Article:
Prosecuting ‘Gross’ Medical Negligence: Manslaughter, Discretion, and the Crown Prosecution Service

Publication Date01 September 2006
AuthorOliver Quick
Date01 September 2006
DOIhttp://doi.org/10.1111/j.1467-6478.2006.00365.x
JOURNAL OF LAW AND SOCIETY
VOLUME 33, NUMBER 3, SEPTEMBER 2006
ISSN: 0263-323X, pp. 421±50
Prosecuting `Gross' Medical Negligence: Manslaughter,
Discretion, and the Crown Prosecution Service
Oliver Quick*
This article examines prosecutions of health care professionals for
gross negligence manslaughter following fatal errors committed in the
course of their work. Unease has long surrounded the use of `gross
negligence' as a form of criminal liability, and particularly as it
applies to health care professions operating in high-risk settings. The
recent dramatic rise of such prosecutions calls for a closer under-
standing of the processes by which important prosecutorial decisions
are made. In particular, this calls for an investigation into the exercise
of discretion by prosecutors in interpreting the loosely defined and
contested concept of gross negligence. This article analyses data
obtained from a statistical analysis of `medical manslaughter' cases
and also from interviews with crown prosecutors. Discussion of the
main findings leads to the conclusion that the offence of gross
negligence manslaughter is incapable of any objective and fair
measurement and ought to be abolished.
INTRODUCTION
This article explores the use of discretion by prosecutors in deciding whether
or not to prosecute health care professionals for manslaughter following fatal
negligent errors. Although relatively rare, such prosecutions have increased
notably over the past twenty years. Whilst this increase has not gone
unnoticed,
1
there has been little research exploring the decision-making
421
ß2006 The Author. Journal Compilation ß2006 Cardiff University Law School. Published by Blackwell Publishing Ltd,
9600 Garsington Road, Oxford OX4 2DQ, UK and 350 Main Street, Malden, MA 02148, USA
* School of Law, University of Bristol, Wills Memorial Building, Queens
Road, Bristol BS8 1RJ, England
Oliver.Quick@bristol.ac.uk
Iamgrateful to the Socio-Legal Studies Association for funding this research through its
small grants scheme and to the Crown Prosecution Service for granting me research
access. Thanks also go to Dave Cowan, Gwynn Davis, Richard Young, and the
anonymous reviewers for their helpful comments.
1 R. Ferner, `Medication Errors that have led to manslaughter charges' (2000) 321
Brit. Medical J. 1212; R. Ferner and S. McDowell, `Doctors charged with
process in such cases. In particular, the important role of the prosecutor in
determining the justice system's response to this contested and controversial
crime remains hidden and unexplored.
2
This research analyses the appro-
priateness of this offence category by drawing on two data sets: a statistical
analysis of all known prosecutions of medical manslaughter since 2000, and
interviews conducted with Crown Prosecutors at an office of the Casework
Directorate of the Crown Prosecution Service (CPS). The law of gross
negligence manslaughter is necessarily vague and its enforcement susceptible
to the vagaries of various factors which inform discretionary decisions. This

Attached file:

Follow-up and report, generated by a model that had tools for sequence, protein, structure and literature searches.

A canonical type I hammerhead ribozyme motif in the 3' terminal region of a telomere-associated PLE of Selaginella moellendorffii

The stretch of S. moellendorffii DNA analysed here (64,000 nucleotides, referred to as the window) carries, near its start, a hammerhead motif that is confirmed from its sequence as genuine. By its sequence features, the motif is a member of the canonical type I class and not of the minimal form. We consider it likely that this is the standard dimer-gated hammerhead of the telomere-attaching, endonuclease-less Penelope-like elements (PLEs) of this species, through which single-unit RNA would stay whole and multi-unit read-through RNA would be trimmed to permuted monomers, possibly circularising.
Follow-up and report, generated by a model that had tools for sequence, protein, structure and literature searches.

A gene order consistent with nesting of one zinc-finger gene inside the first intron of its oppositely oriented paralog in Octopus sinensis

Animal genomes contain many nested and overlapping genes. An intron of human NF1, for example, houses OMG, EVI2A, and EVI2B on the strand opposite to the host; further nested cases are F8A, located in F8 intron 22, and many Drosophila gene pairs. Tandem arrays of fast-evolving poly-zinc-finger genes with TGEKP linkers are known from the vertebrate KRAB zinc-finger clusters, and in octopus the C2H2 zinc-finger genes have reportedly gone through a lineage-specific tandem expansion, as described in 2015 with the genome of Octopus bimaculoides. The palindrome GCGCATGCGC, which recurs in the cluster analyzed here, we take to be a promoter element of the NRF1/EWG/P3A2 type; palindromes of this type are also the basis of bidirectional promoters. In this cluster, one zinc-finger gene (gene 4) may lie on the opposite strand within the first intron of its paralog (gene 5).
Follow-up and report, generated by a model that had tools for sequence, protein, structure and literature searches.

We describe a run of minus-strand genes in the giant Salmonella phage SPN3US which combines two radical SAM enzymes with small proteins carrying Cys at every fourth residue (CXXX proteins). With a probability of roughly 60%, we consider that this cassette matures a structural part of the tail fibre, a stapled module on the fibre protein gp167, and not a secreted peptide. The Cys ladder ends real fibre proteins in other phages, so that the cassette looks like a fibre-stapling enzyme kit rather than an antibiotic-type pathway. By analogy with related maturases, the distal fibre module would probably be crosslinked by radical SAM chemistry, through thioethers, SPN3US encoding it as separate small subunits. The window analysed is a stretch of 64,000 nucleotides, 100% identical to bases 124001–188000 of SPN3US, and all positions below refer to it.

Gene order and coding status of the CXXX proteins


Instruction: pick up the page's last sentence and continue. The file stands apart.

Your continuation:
research seeks to gain a greater understanding of the processes by which `gross
negligence' is interpreted in this context. How do prosecutors exercise discre-
tion in handling the inherent definitional vagueness of this offence? And how
can we evaluate the way that criminal law sometimes deals with professionals
who err in their medical practice? Discussion of the main findings leads to the
conclusion that the offence of gross negligence manslaughter is incapable of
clear and objective measurement and ought to be abolished. The merits of
appropriate alternatives to the offence of gross negligence manslaughter are
also briefly considered. First, however, it is necessary to sketch the legal
framework within which such prosecutorial decisions are made.
INVOLUNTARY MANSLAUGHTER
Involuntary manslaughter is an amorphous area of law dealing with a diverse
collection of unintentional killings.
3
Liability is established in three different
ways: through unlawful and dangerous acts, subjective recklessness, and
gross negligence. It is unusual among serious offences in using the notion of
gross negligence, a contested and controversial concept challenging the
orthodox subjectivist demand for intention or recklessness as the appropriate
forms of mens rea, and criticized as inappropriate.
4
That said, founding
criminal liability on negligence is not without considerable scholarly sup-
port; Hart supported the classification of negligent conduct as criminal,
provided the individual was of normal capacity,
5
while Glanville Williams
identified a utilitarian justification for imposing negligence liability, reason-
422
Manslaughter in the course of medical practice, 1795±2005: a literature review'
(2006) 99 J. of the Royal Society of Medicine 309±14.
2 The main study of the CPS remains M. McConville, A. Sanders, and R. Leng, The
Case for the Prosecution: Police Suspects and the Construction of Criminality
(1993) 126.
3 `[O]f all crimes manslaughter appears to afford most difficulties of definition, for it
concerns homicide in so many and so varying conditions', Andrews v. DPP [1937]
A.C. 576 per Lord Atkin.
4J.Hall, `Negligent behaviour should be excluded from penal liability' (1963) 63
Columbia Law Rev. 632±44.
5 H.L.A. Hart `Negligence, Mens Rea and Criminal Responsibility' in Punishment
and Responsibility: Essays in the Philosophy of Law (1968) 136±57, at 147.
ß2006 The Author. Journal Compilation ß2006 Cardiff University Law School

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